Do your interviewing skills still hold up?

Do your interviewing skills still hold up?

There are about as many interviewing techniques as there are people who conduct interviews. Everyone is different, so that provides opportunities for us to learn from one another. I hope to offer a few ideas of my own for your consideration. Some of these ideas might seem a bit odd. That’s okay, because it’s the odd stuff that gets us thinking, and if it works to our benefit, then it quickly becomes perfectly normal.

So, let’s look at what some might consider odd interviewing techniques. As odd as they may seem, they can help us make a nice match between our enterprise and the candidates who make themselves available to fill positions we have to offer. Better yet, perhaps these techniques will help you find someone who can make their own position within your firm, even if you don’t have an opening.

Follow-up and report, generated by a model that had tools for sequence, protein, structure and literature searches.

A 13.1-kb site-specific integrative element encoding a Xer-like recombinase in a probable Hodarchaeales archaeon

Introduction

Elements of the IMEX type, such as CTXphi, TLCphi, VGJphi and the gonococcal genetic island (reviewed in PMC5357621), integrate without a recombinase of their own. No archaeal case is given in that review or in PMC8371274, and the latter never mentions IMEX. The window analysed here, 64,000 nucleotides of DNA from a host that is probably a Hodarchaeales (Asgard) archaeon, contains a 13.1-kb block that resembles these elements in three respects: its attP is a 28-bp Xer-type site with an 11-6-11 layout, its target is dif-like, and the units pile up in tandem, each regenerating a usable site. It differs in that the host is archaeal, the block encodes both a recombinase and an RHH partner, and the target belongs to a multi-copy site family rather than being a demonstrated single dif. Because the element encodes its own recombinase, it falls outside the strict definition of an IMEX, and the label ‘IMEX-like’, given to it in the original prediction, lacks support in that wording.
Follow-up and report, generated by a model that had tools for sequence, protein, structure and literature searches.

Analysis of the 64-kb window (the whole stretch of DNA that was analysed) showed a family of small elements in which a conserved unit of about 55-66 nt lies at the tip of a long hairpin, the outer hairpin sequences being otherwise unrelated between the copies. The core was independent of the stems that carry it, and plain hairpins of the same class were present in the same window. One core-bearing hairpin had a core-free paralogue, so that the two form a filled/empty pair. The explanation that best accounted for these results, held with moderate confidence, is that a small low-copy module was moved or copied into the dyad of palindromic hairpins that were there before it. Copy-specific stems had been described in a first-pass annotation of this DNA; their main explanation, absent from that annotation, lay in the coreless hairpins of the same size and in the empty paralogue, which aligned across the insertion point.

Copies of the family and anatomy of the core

Does that seem odd? Yes? Okay, then let’s discuss that as our first of many interviewing techniques.

Interview even if you have no opening on your staff. I’ve always been a contrarian of sorts. Tell me I can’t do something, and before you know it, I’ve accomplished the impossible. There isn’t any reason we can’t extend this contrarian view to interviewing by simply interviewing candidates when we really don’t have any openings.

Why? Simply because you might discover a superstar who, with a little encouragement, can “create their own position” within your firm. Imagine someone who is self-starting, self-motivated, very talented, and good at drumming up business. That kind of individual would be capable of finding and completing their own work assignments. Why wouldn’t you extend a job offer to that kind of person? What more would you want out of an employee?